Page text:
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Sudbury clinic that helps sick and injured workers celebrates 35 years

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A clinic that advocates for workers who were injured on the job or believe an illness is work-related held an open house Friday in Sudbury.

The Occupational Health Clinics for Ontario Workers -- known as OHCOW -- has offices across Ontario and is celebrating its 35th anniversary.

“Workers can come to us if they have an injury or illness they believe is work-related,” said Brittney Ramakko, executive director of the Occupational Health Clinics for Ontario Workers in Sudbury.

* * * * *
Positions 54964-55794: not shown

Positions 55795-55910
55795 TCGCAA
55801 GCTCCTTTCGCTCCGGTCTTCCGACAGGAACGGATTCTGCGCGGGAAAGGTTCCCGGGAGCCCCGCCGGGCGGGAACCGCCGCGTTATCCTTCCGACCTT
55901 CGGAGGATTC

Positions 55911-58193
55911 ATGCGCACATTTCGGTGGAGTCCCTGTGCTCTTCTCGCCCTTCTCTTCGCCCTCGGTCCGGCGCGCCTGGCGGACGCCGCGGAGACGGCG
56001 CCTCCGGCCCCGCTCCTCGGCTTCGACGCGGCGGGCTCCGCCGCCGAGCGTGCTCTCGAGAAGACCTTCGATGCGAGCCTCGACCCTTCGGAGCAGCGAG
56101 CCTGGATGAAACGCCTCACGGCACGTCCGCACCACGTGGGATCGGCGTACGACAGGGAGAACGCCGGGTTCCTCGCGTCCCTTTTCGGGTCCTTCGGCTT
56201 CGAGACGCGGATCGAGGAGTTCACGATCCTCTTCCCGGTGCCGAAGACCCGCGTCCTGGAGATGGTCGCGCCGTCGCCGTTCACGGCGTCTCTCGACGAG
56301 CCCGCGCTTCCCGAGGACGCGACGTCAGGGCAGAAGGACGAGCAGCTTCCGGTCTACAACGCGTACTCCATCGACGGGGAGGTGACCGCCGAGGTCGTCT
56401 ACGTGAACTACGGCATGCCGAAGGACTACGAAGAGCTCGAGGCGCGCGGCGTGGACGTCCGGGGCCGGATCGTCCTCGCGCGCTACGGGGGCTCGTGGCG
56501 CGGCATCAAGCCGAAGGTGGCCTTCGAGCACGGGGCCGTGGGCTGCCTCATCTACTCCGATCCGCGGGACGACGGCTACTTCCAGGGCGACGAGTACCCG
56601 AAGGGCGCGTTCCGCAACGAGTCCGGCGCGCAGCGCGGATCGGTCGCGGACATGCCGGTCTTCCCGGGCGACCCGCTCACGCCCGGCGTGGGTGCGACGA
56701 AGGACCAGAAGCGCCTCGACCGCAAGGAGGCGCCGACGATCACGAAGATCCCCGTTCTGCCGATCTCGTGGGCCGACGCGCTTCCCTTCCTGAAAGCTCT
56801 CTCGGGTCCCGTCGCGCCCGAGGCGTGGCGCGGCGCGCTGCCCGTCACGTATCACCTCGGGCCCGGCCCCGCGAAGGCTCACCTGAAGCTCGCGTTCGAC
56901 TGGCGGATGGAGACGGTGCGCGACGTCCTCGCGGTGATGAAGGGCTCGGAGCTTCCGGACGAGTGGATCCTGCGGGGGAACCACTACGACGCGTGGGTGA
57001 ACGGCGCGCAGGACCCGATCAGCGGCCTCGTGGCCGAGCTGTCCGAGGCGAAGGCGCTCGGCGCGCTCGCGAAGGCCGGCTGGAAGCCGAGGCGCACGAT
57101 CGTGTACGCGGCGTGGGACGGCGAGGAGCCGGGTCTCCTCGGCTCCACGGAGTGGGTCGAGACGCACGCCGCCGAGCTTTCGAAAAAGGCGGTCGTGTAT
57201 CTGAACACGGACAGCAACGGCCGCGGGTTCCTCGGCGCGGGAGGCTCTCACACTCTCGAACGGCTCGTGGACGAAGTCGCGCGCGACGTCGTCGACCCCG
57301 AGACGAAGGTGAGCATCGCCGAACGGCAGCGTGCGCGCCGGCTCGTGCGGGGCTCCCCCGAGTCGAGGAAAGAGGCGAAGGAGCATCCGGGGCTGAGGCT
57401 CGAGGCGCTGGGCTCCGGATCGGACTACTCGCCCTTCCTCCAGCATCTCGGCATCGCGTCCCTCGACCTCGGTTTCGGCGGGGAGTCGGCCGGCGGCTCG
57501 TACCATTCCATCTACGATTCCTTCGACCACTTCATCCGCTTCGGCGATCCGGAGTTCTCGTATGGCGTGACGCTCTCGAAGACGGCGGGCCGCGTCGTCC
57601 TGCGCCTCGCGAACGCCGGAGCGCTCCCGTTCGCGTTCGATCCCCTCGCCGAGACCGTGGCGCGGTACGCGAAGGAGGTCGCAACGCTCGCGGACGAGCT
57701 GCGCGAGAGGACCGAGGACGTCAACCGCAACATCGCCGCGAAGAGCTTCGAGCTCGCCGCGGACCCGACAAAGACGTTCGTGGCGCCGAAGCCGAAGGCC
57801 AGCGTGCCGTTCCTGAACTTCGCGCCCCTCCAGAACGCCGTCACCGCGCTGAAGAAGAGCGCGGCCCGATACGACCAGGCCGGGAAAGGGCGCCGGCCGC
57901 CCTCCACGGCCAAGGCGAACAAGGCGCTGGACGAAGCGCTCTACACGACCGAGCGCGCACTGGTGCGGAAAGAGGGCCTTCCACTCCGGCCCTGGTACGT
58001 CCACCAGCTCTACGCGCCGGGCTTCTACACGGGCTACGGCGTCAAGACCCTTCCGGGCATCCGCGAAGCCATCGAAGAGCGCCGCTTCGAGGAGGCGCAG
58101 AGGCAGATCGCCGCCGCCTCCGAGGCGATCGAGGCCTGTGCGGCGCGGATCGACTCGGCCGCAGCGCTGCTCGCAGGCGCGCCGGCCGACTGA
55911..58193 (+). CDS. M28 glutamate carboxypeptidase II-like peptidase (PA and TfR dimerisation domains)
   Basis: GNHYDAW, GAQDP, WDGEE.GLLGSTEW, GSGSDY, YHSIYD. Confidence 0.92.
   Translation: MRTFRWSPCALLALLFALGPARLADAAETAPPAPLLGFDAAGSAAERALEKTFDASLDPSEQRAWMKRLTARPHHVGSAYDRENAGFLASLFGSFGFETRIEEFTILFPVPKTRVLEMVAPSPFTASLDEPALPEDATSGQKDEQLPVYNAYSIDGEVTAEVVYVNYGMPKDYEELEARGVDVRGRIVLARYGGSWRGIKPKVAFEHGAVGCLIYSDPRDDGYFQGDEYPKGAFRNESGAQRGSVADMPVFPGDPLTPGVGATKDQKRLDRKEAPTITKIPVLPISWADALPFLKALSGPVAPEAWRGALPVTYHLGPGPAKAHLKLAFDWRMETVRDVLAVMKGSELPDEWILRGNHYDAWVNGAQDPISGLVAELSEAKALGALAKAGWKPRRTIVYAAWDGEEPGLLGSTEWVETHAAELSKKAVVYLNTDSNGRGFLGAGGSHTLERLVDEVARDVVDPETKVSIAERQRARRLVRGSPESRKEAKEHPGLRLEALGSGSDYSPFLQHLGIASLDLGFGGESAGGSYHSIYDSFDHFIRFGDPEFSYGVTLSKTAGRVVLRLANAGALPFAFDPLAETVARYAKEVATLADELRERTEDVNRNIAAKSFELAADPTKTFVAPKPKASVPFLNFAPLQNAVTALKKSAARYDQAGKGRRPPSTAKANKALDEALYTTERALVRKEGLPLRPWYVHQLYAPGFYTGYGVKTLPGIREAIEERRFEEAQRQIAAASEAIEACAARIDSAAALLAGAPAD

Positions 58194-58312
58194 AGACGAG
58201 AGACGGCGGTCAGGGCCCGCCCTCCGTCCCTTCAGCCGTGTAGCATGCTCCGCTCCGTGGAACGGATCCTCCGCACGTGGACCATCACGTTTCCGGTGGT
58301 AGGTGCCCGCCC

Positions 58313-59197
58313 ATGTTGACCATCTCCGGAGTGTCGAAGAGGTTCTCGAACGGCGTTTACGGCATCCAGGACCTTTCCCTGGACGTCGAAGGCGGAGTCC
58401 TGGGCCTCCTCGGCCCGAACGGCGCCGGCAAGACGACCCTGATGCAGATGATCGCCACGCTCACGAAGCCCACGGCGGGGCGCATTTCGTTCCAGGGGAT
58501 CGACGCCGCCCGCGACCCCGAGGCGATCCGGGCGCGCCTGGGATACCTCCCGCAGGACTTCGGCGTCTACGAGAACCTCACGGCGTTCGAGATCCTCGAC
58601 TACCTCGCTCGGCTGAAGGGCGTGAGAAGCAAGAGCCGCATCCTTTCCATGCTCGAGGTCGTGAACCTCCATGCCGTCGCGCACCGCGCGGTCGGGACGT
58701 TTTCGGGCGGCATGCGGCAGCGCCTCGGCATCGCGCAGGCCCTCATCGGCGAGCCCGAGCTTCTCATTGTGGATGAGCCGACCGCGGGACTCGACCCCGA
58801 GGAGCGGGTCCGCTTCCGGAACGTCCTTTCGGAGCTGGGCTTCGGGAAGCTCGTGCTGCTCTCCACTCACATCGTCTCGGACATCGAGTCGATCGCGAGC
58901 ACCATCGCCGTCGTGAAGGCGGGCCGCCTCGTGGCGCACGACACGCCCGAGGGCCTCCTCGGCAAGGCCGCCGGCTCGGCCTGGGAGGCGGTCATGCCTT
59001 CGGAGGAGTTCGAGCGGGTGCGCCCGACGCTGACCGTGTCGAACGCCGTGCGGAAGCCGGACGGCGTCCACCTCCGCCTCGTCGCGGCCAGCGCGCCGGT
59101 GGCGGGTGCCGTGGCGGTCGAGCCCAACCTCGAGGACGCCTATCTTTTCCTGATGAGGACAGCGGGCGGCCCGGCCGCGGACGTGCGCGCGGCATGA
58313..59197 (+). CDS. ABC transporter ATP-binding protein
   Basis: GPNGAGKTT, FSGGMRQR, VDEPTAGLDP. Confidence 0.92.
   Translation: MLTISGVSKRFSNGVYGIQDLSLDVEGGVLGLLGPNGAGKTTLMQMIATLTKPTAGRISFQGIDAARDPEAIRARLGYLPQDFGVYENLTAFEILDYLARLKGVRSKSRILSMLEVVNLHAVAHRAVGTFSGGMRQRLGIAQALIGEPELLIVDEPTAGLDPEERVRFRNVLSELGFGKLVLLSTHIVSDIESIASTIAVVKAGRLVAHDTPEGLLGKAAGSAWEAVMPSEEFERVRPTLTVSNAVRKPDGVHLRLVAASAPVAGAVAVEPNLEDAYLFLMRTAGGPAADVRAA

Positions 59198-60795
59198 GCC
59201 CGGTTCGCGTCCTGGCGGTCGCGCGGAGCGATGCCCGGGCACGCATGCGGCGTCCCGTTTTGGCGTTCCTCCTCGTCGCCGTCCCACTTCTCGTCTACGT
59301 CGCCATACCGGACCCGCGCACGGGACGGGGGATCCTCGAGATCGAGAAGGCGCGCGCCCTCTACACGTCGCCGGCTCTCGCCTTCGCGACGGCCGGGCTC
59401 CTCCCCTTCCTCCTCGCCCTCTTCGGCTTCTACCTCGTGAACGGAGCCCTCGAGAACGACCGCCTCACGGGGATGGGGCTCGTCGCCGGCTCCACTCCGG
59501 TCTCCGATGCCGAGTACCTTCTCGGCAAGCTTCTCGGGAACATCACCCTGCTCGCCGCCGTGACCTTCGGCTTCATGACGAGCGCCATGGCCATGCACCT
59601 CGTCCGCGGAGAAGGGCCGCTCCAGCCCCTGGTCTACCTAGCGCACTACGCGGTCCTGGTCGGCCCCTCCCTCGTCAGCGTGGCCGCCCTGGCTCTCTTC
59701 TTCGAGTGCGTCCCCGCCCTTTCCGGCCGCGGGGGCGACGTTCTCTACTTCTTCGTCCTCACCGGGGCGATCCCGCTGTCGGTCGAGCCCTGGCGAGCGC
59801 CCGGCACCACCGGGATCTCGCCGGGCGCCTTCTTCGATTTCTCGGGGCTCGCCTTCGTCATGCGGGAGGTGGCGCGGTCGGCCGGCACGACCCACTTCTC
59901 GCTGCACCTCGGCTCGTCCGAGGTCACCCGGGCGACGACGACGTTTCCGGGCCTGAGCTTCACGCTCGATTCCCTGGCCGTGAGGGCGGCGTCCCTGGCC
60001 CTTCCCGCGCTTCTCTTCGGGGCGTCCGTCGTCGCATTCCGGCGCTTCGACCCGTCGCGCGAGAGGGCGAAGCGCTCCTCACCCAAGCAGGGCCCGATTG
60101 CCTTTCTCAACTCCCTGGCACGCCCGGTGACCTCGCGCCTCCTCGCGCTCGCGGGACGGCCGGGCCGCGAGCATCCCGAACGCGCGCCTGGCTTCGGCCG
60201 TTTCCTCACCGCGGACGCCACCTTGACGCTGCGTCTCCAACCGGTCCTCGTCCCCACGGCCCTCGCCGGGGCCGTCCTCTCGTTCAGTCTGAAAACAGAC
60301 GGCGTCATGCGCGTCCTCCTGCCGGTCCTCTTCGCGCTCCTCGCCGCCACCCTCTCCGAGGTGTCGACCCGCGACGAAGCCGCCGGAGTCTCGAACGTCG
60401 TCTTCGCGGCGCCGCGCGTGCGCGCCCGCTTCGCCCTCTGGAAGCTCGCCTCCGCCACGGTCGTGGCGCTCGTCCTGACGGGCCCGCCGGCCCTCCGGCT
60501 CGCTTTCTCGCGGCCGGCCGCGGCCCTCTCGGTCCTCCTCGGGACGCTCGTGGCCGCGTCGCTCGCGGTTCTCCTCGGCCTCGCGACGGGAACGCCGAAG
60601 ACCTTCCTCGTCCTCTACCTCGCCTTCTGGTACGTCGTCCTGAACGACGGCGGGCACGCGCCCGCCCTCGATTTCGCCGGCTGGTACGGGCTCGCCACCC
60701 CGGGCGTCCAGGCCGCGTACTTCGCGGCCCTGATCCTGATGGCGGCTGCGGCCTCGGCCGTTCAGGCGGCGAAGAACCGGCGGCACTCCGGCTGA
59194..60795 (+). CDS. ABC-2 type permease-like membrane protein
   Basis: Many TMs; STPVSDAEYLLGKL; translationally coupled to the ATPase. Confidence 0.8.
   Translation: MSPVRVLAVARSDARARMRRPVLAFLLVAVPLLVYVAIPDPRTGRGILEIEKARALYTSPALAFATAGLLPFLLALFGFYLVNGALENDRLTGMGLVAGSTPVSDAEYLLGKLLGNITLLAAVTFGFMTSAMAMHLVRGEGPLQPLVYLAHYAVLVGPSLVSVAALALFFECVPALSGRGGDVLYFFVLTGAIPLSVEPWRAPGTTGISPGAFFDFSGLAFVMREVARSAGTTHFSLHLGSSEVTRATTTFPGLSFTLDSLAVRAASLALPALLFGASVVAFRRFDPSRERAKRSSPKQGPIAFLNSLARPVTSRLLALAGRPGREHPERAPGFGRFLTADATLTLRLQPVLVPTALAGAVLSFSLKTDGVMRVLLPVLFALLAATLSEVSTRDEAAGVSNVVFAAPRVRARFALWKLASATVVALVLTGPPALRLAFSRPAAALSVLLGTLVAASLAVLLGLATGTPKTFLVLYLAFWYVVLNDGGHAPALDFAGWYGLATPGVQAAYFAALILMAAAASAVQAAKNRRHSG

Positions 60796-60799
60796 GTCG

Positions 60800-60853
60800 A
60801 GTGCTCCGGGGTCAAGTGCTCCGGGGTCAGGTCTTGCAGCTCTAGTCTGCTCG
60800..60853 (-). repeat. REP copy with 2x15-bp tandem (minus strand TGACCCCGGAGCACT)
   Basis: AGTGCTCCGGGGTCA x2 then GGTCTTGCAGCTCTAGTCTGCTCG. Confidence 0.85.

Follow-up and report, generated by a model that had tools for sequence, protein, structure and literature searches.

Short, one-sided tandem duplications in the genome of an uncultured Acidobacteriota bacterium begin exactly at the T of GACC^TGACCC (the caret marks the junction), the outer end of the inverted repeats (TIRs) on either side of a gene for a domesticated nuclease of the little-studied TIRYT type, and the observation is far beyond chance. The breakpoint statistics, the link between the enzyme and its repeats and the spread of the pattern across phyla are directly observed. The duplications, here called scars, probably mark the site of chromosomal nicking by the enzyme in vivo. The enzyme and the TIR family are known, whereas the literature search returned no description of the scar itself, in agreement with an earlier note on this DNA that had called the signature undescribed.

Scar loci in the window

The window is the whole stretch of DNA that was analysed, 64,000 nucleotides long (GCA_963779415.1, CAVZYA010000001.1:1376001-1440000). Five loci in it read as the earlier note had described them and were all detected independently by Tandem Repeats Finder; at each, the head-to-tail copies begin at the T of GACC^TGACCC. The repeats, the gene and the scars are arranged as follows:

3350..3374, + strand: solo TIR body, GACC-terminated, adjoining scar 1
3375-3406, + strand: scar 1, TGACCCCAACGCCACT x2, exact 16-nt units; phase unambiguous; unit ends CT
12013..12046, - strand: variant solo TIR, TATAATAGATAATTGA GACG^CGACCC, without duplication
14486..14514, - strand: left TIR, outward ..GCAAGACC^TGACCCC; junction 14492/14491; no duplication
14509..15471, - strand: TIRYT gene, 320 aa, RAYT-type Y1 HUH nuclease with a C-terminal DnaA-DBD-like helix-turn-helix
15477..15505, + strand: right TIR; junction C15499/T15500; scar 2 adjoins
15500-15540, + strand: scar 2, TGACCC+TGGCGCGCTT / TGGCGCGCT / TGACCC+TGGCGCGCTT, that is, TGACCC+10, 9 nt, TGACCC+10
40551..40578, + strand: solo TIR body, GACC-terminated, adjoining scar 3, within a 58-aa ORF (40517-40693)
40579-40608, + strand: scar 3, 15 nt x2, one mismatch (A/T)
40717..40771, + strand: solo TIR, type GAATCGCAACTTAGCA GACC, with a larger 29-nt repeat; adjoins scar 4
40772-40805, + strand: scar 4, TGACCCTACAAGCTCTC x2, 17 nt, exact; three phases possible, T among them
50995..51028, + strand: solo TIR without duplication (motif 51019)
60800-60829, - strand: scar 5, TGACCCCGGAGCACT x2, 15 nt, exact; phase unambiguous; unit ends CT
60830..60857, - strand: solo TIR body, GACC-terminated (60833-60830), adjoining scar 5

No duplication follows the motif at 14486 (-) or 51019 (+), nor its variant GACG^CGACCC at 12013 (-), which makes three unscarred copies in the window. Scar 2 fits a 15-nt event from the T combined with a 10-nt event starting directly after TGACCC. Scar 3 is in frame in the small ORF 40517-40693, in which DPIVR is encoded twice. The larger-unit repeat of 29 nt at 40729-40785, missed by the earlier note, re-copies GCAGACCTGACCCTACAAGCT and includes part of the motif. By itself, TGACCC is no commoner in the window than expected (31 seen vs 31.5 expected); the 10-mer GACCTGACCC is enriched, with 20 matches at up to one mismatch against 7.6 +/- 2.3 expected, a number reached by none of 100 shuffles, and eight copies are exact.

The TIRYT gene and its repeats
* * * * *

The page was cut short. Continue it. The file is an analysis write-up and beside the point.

“We will review the WSIB claim file or any medical information and provide them a report, whether it’s work-related or not. We also offer ergonomic assessments and occupational hygiene services.”

The non-profit agency, funded by the Ministry of Labour, helps workers when compensation claims are denied, conducts cluster investigations when multiple workers report illness or injury and it also offers prevention services to help keep workers safe.

“We work with thousands of workers come through our office and we assist them we help them establish WSIB claims,” said Jessica Montgomery, an occupational health co-ordinator with the clinic.

“If their WSIB claims are denied, we look to see if their occupational exposures were their contributing factor with their diagnosis.”

Officials with the clinic said current cluster investigations in northern Ontario include Neelon Castings, Algoma Steel, Kidd Creek and the McIntyre Powder Project.

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